Carmela Soprano's charm in play for last time
As shows get rubbed out, others get penciled in.
And with that, the sense of a changing of the guard is hovering over this year’s drama lead actress nominees, most notably from the awards juggernaut “The Sopranos” ending and the nearly perennial nominee and three-time winner Edie Falco up for a last at bat as Carmela Soprano.
Plus half of the six nominees are looking to win their first award in this category.
Of the newcomers, Sally Field (for “Brothers & Sisters”) and Minnie Driver (“The Riches”) seem like different ends of a wider spectrum for female roles on television, with Field representing tried-and-true network drama in all its glowing likability and Driver bringing to this category a harder-edged, slightly more dangerous cable-fied charisma.
Second-year-in-a-row nominee Kyra Sedgwick (“The Closer”), meanwhile, looks to win her first for breathing personality into the typically cold police procedural, something that garnered Mariska Hargitay (“Law & Order: Special Victims Unit”) her first win last year after seven seasons and three nominations.
In fact, the past two years’ winners — Patricia Arquette (“Medium”) and Hargitay — are back, again signifying the Academy’s preference for keeping awardees in the loop. Arquette, however, was left out of the noms last year, which was a strange occurrence, considering her first-year leap into the prizewinners circle — but perhaps indicative of the breadth of talent in this category. There are six nominees this year, after all, one more than the usual five.
Emmy pedigree: One win
Best scene: Nearly all of “The One Behind the Wheel,” in which Arquette with virtuosity plays a haughty rich wife named Sandra unknowingly trapped in psychic Alison DuBois’ body.
Why she may win: Week in, week out, Arquette does solid, committed work as the most believable everyday wife/mother on television while selling the psychic powers stuff as well.
Maybe not: Having nabbed this prize previously, voters may decide to hold off before celebrating her work again so soon.
Show: “The Riches”
Emmy pedigree: First nom
Best scene: In the pilot, Driver’s fresh-out-of-prison, secretly drug-addicted con artist mother Dahlia drives herself to tears trying not to shoot up in their new, stolen McMansion, then lets herself be comforted by a friendly new neighbor who introduces Dahlia to the joys of happy pills.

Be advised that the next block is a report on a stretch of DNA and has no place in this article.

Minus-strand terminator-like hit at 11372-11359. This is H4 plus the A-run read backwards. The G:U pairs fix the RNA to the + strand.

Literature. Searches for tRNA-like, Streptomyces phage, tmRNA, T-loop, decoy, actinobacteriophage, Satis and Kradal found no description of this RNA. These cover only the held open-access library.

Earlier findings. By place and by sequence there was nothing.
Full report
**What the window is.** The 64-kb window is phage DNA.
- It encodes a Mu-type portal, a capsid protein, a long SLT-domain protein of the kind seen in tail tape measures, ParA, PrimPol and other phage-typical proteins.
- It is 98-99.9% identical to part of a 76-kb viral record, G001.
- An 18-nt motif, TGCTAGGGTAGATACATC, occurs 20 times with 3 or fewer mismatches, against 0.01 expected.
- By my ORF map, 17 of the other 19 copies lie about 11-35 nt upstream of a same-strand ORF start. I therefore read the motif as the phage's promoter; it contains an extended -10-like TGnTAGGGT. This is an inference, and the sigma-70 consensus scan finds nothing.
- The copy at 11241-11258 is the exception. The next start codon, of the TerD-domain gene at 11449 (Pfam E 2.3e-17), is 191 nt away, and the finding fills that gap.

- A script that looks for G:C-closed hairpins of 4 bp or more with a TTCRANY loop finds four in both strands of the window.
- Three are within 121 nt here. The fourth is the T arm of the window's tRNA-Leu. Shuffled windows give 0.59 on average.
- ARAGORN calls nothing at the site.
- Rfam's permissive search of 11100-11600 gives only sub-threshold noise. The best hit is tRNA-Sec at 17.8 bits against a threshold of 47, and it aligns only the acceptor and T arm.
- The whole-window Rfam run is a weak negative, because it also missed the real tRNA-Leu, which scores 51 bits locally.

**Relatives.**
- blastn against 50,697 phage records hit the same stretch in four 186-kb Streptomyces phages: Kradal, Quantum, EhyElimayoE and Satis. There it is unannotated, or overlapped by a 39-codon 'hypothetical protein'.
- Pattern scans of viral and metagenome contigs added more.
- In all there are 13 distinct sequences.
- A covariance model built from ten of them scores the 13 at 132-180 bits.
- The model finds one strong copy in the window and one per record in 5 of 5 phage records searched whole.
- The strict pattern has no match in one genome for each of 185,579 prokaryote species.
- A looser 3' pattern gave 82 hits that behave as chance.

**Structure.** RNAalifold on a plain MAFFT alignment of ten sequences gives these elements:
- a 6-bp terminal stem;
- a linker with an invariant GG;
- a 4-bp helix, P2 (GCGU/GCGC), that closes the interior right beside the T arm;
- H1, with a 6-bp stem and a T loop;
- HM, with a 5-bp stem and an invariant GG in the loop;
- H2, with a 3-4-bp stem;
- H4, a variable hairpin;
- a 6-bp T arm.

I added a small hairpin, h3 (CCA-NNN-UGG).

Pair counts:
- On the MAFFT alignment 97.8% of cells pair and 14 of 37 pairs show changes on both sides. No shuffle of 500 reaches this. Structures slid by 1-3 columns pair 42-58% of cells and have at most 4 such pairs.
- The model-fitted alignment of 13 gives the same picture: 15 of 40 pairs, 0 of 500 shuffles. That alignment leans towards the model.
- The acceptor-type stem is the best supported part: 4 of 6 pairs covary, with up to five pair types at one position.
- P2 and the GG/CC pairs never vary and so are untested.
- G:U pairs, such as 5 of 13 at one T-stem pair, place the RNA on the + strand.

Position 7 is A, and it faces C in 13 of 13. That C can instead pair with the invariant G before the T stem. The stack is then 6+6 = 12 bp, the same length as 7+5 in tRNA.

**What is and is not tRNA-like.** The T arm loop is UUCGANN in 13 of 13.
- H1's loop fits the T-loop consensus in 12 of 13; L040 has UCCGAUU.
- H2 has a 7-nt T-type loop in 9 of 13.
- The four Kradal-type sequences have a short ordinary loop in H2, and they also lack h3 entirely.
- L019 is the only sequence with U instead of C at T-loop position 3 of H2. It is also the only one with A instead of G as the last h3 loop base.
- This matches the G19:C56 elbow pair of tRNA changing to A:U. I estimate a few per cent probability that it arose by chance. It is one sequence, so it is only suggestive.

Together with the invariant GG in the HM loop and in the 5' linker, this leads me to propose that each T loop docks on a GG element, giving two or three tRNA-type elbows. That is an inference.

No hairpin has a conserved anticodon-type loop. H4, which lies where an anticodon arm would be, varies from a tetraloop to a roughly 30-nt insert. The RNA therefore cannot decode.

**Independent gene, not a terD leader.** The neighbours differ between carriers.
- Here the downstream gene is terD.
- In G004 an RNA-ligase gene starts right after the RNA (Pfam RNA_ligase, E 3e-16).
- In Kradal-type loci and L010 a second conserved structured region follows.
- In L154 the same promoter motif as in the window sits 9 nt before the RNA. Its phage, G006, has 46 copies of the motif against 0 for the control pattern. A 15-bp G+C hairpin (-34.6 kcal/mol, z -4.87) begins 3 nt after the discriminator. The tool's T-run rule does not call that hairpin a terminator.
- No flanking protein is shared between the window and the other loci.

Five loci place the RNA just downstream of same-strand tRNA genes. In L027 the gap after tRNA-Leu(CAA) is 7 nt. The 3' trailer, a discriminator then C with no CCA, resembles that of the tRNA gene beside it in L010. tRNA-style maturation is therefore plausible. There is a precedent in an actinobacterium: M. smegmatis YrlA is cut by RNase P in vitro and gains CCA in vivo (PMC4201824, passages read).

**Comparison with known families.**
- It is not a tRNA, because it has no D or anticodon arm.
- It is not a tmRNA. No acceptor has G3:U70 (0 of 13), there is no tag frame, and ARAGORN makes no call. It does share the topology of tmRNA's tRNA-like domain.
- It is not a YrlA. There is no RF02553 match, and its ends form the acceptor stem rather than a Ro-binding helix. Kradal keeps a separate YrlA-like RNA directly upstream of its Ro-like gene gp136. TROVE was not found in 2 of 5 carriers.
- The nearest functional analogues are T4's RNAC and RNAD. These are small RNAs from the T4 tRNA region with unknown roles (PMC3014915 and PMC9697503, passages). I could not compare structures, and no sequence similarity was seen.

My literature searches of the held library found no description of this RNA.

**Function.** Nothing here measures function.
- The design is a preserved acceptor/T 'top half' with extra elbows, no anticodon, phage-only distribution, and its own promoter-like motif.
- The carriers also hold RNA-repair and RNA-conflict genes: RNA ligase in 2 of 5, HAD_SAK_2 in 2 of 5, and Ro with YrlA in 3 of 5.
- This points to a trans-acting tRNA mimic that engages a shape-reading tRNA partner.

Why she may win: If voters are in a mood to anoint an edgy newcomer, Brit-born Driver is that choice. She instantly set herself apart with her combination of vice, vim and vulnerability, plus a spot-on Southern accent.
Maybe not: It’s a prickly character, and “The Riches” is not as high profile a show as the other nominees.
Show: “The Sopranos”
Emmy pedigree: Three wins plus two other noms
Best scene: In “Chasing It,” after Tony blows up at Carmela for not letting him put her first house sale earnings on a sports bet, she tearily confronts him over her insecurity about being left a financially desperate widow. It’s a classic Falco moment: full of fierce love and wide-eyed vulnerability.
Why she may win: She was snubbed for a nomination last year and could ride final-season hype toward a momentous four-win send-off.
Maybe not: This was a mostly Carmela-less season, with the emphasis on Tony’s increasingly conflicted soul.
Show: “Brothers & Sisters”
Emmy pedigree: Two wins plus three other noms
Best scene: In the season’s final episode, “Matriarchy,” Field brings heartbreaking sadness to a kitchen moment when Nora refuses to accept son Justin’s wish that he say goodbye to her before leaving for Iraq.
Why she may win: The breakout star of “Brothers & Sisters” turned out to be the flinty yet unquestionably loving matriarch. Showbiz vet Field anchored nearly every episode with her skilled comic timing and emotional range.
Maybe not: Field is a two-time Oscar winner and two-time Emmy winner, going back to the landmark miniseries “Sybil,” which puts a qualification on her newcomer status.
Show: “Law & Order: SVU”
Emmy pedigree: One win plus two other noms
Best scene: In “Florida,” Olivia learns the truth about her father Joe and half-brother Simon, both accused of rape.
Why she may win: After eight seasons, Hargitay hasn’t shown character fatigue and seems to only generate more fans.
Maybe not: Familiarity. Academy voters know this particular “L&O” brand will be around a while longer, which could send voters toward new blood.
Show: “The Closer”
Emmy pedigree: One nom
Best scene: From “Slippin’,” a solemn Det. Brenda Johnson explains to Sgt. Gabriel how to deliver news to unsuspecting parents that their son is dead.
Why she may win: Sedgwick has galvanized original basic cable programming with her tough, compassionate, headstrong and neurotic Southern-belle cop.
Maybe not: Voters might also have crime solver fatigue from Hargitay winning last year and Arquette the year prior.